Chief amongst the hazards vessels face include the icing of systems and equipment, liquids in tanks and pipes freezing, large loads and impacts from heavy ice conditions, and drifting icebergs and growlers (small, barely visible icebergs). Correctly identifying prevailing ice conditions will help protect a vessel from significant ice damage. Appropriate dimensioning methods are also needed to ensure the vessel has the necessary structural integrity, as is winterization, which prepares the ship for extreme icing, freezing systems and wind chill.

Trends and forecasts indicate that polar shipping will both grow in volume and diversify in nature over the coming years and these challenges need to be met without compromising either safety of life at sea, or the sustainability of the polar environments.

In an attempt to reduce risks - both to ecosystems and those working in the region’s harsh climate and icy waters - the International Maritime Organisation (IMO) has adopted the International Code for Ships Operating in Polar Waters (Polar Code) and related amendments to the International Convention for the Safety of Life at Sea (SOLAS).

This is a significant step that will help define vessel operations: safeguarding assets, ecosystems, and human life in the polar extremities.

Ice berg

Commercial viability

Global temperatures and energy demand may be rising steadily, but oil prices have trodden a more volatile path in recent times, plunging in value by more than 50% in the last six months of 2014 alone (Brent Crude’s barrel price stood at a high of UDS 115 in June that year).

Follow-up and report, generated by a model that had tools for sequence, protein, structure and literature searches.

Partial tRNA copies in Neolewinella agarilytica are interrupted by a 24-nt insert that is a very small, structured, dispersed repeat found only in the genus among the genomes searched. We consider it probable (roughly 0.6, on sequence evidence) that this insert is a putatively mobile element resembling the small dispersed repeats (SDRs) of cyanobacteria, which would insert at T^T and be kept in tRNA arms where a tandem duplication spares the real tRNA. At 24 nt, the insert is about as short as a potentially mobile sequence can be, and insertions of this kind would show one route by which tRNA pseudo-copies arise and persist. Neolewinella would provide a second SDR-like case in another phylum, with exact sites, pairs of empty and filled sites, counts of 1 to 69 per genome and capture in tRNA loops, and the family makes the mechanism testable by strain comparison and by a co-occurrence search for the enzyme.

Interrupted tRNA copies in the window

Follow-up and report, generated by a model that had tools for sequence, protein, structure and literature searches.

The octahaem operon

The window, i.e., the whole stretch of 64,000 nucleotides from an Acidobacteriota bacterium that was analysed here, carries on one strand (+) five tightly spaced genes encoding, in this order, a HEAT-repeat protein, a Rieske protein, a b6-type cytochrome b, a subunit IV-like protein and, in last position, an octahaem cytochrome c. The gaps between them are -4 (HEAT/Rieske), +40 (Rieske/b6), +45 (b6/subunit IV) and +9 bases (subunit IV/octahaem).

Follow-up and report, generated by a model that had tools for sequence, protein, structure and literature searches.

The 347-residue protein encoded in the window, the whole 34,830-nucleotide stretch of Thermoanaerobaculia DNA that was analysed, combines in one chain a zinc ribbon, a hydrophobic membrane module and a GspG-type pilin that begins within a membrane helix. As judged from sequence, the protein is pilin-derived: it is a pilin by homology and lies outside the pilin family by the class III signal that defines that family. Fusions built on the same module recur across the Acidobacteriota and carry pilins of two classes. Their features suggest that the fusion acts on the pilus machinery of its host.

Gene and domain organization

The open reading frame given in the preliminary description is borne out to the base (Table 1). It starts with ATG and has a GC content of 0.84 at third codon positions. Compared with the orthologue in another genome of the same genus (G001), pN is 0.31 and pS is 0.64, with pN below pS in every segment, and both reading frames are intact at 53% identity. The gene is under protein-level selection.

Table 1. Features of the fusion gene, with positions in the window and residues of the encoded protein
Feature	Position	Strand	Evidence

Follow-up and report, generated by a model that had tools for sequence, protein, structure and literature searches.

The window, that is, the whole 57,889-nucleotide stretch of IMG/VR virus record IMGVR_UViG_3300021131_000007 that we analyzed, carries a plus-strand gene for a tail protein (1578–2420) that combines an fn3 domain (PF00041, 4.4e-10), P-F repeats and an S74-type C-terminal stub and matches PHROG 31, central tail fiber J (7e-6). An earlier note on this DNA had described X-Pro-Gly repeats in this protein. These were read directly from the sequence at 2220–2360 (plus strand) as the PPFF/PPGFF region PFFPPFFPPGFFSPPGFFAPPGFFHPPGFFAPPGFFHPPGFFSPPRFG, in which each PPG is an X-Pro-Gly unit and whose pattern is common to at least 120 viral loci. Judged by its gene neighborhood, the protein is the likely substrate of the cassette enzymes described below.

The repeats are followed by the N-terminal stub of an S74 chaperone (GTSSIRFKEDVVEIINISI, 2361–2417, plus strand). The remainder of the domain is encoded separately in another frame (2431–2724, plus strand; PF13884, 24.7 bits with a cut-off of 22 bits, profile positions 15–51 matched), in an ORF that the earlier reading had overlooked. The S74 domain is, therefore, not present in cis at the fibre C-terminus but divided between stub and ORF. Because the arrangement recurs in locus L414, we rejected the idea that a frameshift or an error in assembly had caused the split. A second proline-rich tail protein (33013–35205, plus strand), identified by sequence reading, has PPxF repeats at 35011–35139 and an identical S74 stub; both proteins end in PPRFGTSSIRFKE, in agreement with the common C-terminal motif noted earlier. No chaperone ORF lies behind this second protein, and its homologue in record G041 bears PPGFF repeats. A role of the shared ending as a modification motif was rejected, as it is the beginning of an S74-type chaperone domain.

Depressed prices have an obvious general impact on the viability of exploiting harder to reach (meaning more expensive) resources, with oil and gas operators tending to focus efforts, and reduced budgets, on more easily accessible hydrocarbons. This approach varies from nation to nation, but the desire to optimise investment and development portfolios does not.

In addition to price, the evolving geopolitical landscape, with sanctions targeting Russian interests, and the US shale gas revolution are unquestionably impacting on appetites for Arctic activity.

However, the resources are there - 20% of the world’s undiscovered but recoverable hydrocarbon reserves, according to USGS – and those with a long-term industry view are likely to retain interest in exploring their potential.

The focus on the Arctic may be wavering, but with the right technology, economic drivers and demand it will sharpen once again.

Melted ice

A unified approach

Collaboration will be central to success in the Arctic. 

Stakeholders from industry, authorities and society must work together to tackle the challenges of operating in this unique environment.

Rather than racing to establish competitive advantage, there is a real incentive to cooperate and deliver the advances in technology and infrastructure necessary for safe and successful Arctic development.

Cooperation on oil spill prevention and response is a priority. Although the likelihood of a major oil spill in the Arctic is low, the consequences could be significant. More emphasis should be put on regional risk assessments and cross-boundary response planning.

Infrastructure costs also need to be addressed with a ‘joined-up approach’ to make developments commercially viable. Financial burdens could be shared in joint ventures, bringing advantages to all parties involved, not only within the oil and gas industry. Maritime infrastructure such as ports, navigational aids and emergency evacuation resources are good examples of infrastructure that could benefit other industries such as tourism and fisheries.

In addition, research programmes and technology development should be united efforts, allowing parties to work together in neutral environments to facilitate innovations, products, practices, and standards that set industry benchmarks for the Arctic.